Like Red Reddington in The Blacklist, Dr Jason Bull (Michael Weatherly) can be relied upon to be the smartest guy in any room, although the lawyer’s special skill set runs to jury selection and trials. And, thankfully, over four seasons, the producers of this show have toned down his early, insufferable arrogance to a level closer to justifiable confidence, with even an occasional hint of doubt. This episode, titled Quid Pro Quo, sees Bull and his legal partner and de facto brother-in-law, Benny (Freddy Rodriguez), called upon to defend a gifted, humble and apparently honourable heart surgeon (Babak Tafti) who’s caught up in a college admissions scandal. At the same time, Bull’s pregnant ex-wife and current partner, Izzy (Yara Martinez), is due to deliver their baby. As he waits for the call to tell him to get to the hospital, Bull and his team focus on the puzzling behaviour of the possibly pivotal juror number eight. –DE


Gogglebox Australia
Ten, 8.30pm

Gogglebox newcomers Kaday and Chantel.

This has to be a most unlikely success story. The concept: watching people – families, friends, partners – sitting around in their lounge-rooms watching TV and commenting on it. But as it rolls through its 11th season – yes, 11th – it’s undeniable that it is a success story, one reliant on the casting of its contributors, which has been astute. So clever that one former Goggleboxer, Angie Kent, went on to become a reality TV star in her own right – The Bachelorette, no less – while another pair – original and longtime contributors Wayne and Tom – published a book of their cocktail recipes. Mango Daiquiri anyone? This season’s new Goggleboxers are flatmates Milo and Nic, twentysomething pals Kaday and Chantel, and Sydney’s Elias clan. They’ve joined Leigh and Keith, Mick and Di, Anastasia and Faye, Sarah Marie, Matty and Jad, as well as the Dalton, Delpechitra, Silbery and Jackson families. From the comfort of their respective homes, this varied clutch of couch and armchair critics has offered responses to Rebel Wilson’s Pooch Perfect, Hughesy, We Have a Problem, First Dates, Extreme Cake Makers and Kings of Pain, among others. Wonder what they’ll make of the new-look MasterChef (starting April 13)? –DE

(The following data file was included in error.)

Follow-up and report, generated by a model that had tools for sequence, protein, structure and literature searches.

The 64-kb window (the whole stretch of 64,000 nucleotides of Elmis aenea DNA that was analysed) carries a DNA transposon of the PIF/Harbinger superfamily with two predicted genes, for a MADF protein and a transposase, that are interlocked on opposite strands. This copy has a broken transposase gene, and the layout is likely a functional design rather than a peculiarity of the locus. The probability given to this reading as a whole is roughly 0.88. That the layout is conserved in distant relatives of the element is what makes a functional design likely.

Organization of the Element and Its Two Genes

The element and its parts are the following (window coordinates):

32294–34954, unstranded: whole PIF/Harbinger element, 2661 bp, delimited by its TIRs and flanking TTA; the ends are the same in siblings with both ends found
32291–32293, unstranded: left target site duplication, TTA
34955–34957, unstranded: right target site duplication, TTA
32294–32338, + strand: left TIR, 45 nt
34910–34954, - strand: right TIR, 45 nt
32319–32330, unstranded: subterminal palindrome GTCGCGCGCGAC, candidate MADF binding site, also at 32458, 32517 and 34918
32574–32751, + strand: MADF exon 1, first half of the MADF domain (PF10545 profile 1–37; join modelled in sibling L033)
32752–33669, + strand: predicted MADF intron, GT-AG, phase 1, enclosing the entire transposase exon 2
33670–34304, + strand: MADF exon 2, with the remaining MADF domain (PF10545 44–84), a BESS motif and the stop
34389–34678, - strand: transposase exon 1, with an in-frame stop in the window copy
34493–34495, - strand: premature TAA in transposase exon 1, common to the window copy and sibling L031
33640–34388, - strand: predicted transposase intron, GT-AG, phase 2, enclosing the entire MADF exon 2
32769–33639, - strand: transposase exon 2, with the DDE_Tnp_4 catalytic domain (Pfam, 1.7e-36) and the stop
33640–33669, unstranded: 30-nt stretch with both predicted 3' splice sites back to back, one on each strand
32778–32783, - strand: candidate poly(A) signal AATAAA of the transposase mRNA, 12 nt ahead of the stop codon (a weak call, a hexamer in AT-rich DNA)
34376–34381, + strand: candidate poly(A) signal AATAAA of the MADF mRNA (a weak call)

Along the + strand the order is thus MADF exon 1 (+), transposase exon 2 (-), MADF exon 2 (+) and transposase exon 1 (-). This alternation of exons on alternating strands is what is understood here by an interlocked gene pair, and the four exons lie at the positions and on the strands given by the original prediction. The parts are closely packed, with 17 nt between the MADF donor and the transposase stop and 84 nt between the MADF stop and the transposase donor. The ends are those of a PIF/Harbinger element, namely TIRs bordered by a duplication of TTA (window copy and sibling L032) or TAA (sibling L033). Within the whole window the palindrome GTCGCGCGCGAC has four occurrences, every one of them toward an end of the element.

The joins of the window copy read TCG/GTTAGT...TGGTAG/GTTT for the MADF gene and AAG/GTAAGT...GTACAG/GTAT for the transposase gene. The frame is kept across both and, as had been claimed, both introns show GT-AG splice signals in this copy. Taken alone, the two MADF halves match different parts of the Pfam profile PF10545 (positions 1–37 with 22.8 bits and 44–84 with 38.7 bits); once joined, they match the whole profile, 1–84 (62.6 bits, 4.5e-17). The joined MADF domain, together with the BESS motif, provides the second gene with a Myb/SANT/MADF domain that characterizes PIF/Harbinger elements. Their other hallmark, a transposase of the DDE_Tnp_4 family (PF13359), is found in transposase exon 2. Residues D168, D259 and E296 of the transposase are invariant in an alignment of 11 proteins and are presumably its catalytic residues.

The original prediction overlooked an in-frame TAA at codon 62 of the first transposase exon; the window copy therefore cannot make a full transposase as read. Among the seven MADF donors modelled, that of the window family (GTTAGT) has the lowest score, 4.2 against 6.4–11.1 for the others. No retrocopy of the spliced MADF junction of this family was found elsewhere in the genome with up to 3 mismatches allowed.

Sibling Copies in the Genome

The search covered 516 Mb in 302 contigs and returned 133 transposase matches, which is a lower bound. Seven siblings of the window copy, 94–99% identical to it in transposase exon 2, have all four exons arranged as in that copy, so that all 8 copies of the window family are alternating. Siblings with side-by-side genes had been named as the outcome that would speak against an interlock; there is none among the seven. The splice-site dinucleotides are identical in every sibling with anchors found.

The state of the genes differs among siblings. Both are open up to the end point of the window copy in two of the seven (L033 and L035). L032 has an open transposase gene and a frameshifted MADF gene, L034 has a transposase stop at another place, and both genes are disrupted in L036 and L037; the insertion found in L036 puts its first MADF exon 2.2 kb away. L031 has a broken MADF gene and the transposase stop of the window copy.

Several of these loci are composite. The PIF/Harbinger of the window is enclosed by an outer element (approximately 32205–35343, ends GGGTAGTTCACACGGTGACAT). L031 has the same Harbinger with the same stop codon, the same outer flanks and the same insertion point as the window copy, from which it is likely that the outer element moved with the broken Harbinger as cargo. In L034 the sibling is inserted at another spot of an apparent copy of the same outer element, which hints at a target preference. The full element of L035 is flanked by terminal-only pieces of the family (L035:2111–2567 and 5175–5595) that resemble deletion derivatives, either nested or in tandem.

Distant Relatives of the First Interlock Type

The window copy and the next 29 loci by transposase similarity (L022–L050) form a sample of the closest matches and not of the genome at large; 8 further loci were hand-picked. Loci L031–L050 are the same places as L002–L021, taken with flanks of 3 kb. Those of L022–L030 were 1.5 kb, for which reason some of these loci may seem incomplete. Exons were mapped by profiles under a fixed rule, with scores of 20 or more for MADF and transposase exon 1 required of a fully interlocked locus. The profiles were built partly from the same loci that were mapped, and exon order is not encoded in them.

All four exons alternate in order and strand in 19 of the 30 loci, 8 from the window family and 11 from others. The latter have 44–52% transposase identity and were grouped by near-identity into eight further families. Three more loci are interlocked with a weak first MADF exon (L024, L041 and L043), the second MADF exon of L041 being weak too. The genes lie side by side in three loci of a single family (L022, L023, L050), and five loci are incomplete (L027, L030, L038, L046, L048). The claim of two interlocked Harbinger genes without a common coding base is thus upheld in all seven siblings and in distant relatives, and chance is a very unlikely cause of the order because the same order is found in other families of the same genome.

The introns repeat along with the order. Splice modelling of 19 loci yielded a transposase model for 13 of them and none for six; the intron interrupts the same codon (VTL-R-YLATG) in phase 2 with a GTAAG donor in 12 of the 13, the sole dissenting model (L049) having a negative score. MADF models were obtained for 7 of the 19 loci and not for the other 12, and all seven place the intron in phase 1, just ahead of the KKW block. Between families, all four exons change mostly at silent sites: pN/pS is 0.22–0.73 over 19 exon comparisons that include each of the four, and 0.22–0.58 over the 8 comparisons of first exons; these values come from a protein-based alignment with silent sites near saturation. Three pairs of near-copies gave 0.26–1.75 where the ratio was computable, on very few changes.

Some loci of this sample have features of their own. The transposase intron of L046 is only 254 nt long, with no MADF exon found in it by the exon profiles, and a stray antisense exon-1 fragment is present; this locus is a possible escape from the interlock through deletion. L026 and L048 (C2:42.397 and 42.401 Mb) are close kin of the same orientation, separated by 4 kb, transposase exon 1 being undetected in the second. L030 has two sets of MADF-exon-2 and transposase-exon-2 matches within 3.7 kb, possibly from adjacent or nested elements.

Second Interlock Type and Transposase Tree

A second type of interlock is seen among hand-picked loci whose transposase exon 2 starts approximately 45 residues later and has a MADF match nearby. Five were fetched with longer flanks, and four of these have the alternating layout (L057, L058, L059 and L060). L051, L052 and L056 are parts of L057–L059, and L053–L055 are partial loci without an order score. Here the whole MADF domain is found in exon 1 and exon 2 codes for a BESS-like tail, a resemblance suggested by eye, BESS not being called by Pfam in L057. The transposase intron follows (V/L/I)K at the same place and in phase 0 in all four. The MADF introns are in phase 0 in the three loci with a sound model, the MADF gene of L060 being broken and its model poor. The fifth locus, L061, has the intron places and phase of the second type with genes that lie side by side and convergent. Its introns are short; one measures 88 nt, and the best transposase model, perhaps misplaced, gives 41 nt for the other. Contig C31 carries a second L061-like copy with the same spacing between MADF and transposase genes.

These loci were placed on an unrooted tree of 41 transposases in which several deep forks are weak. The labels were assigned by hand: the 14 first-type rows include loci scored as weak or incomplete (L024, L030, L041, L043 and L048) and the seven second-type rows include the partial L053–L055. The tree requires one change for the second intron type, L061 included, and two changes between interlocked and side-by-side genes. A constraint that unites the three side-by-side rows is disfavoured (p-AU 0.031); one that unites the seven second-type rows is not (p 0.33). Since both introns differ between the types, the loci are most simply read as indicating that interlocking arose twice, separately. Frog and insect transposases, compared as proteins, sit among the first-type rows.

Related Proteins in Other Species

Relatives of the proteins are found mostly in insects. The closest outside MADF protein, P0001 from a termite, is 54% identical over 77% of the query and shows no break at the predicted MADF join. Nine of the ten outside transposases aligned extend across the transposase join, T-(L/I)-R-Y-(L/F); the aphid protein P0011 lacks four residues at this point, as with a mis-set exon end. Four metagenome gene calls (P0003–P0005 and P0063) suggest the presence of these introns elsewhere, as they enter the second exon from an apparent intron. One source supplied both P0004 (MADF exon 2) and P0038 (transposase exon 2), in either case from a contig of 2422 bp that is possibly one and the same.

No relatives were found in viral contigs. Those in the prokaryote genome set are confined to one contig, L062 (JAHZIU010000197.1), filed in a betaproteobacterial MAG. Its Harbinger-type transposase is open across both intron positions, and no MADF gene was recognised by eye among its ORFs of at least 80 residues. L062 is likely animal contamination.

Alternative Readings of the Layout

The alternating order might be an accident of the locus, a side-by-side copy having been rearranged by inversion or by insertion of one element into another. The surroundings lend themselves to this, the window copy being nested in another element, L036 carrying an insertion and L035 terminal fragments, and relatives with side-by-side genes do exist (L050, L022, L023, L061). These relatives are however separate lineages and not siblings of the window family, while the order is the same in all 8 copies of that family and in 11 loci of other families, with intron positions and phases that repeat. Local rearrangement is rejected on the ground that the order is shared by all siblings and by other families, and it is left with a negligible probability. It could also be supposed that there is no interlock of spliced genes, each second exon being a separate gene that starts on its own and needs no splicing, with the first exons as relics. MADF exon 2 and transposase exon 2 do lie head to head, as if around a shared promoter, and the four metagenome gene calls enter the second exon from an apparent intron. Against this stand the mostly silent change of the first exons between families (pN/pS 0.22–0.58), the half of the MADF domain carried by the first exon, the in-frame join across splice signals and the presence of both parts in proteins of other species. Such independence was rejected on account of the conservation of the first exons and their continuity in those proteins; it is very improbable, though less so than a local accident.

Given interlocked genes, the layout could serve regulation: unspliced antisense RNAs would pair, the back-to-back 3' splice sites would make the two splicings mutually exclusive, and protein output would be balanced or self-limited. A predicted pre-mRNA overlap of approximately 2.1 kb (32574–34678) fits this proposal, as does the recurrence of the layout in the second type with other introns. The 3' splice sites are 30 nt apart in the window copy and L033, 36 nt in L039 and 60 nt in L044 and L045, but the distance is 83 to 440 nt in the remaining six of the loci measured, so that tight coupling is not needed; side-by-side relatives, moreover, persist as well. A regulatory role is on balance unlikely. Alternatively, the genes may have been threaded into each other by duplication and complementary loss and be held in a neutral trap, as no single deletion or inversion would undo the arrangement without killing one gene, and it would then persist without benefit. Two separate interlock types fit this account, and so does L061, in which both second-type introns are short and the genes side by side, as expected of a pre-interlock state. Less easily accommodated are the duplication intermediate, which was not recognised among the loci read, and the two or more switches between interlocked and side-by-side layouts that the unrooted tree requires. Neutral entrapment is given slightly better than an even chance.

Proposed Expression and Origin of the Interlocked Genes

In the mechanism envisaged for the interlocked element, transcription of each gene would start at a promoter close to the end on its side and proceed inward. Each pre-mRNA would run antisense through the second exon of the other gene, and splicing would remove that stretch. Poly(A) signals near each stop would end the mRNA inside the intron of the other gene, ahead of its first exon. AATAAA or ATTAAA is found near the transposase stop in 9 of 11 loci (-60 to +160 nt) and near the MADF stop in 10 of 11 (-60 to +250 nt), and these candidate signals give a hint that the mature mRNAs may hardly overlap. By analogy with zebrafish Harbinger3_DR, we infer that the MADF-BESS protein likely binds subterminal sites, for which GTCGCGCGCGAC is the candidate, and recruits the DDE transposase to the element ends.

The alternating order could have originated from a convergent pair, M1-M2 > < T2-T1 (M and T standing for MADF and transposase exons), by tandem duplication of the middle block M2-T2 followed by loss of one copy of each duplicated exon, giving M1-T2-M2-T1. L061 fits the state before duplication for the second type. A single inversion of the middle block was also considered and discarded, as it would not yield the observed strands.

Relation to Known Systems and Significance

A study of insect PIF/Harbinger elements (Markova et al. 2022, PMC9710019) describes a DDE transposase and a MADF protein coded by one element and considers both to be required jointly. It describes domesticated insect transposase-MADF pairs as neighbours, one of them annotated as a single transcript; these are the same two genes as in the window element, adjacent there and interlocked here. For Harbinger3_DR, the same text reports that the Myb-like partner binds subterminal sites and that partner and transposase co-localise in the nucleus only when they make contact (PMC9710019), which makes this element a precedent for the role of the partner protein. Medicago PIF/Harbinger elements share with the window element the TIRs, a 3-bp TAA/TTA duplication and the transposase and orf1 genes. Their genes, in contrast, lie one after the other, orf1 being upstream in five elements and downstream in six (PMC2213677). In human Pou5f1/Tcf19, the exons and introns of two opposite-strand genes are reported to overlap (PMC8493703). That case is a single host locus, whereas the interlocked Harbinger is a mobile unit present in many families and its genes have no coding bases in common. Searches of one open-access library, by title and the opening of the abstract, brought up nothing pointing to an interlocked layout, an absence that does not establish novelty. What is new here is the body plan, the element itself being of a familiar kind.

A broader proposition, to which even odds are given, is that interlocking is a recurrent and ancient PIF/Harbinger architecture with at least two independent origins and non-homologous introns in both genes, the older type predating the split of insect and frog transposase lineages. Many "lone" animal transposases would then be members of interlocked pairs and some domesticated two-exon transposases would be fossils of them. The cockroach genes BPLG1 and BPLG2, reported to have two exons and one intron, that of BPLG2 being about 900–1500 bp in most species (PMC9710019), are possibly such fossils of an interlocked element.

Back to Life (relaunched)
SBS Two, 10.15pm

Back To Life, starring Daisy Haggard as Miri Matteson.

It’s become a bit of a lazy reflex to describe a comedy by and featuring a woman as sort-of-like-Fleabag. But while a new genre has certainly emerged, each of these shows deserves to be appreciated and admired on its own merits. Here, Daisy Haggard (currently starring with Martin Freeman in Breeders) plays Miri Matteson, recently released after spending 18 years in prison. Watching Miri readjust to the modern world brings the funny. Watching her trying to re-establish normal human relationships is kind of heartbreaking. And the journey to discovering why she was in prison in the first place is compelling. This series did screen on the main channel last year, but if you missed it then, do check it out now. And if you watched it last year, it absolutely rewards a second viewing. –ML


Agatha Raisin
ABC, 8.20pm

Ashley Jensen as Agatha Raisin.

This show is constantly walking a tightrope. Like all the bucolic, bloodless murder mysteries, Agatha Raisin tiptoes around some pretty unsavoury stuff (tonight, a human torso almost being roasted on a spit). Its sexual innuendo regularly veers to the very edge of the Good Taste precipice. And perhaps only Ashley Jensen could make a character as amoral and abrasive as Agatha Raisin someone we want to spend time with. But its charm is that it does stay upright on that tightrope, and the calming comfort of a picturesque English village never wanes. –ML


ABC, 8.30pm

Asher Keddie stars as a Department of Immigration officer in Stateless.

If you ever questioned why the luvvies and the bleeding hearts are always banging on about the need to ‘‘tell our own stories’’ – this is why. Sure, it’s important to hear Australian accents and see Australian scenery on the small screen. Television is a cornerstone of Australian culture. But what Stateless does is most important of all: to take an issue that’s either too difficult to talk about in a strictly factual way, or too complex, or perhaps a headline to which we have become numb – and create a story that’s truthful in all its essentials and also manages to engage us, and make us feel.

This is exceptional filmmaking, from the writing and direction to the casting and the way the cinematographers have captured the distinctive quality of the light in the South Australian desert. It is absolutely compelling, a ripping yarn. There’s nothing worthy or homework-y about it. But it also captures important truths about Australia’s policy towards refugees in a way that eschews lazy proselytising, heroes and villains, or any pretence that there are easy answers here. This penultimate episode brings all that complexity to a roiling boil, before next Sunday’s gut-punch of a finale. –ML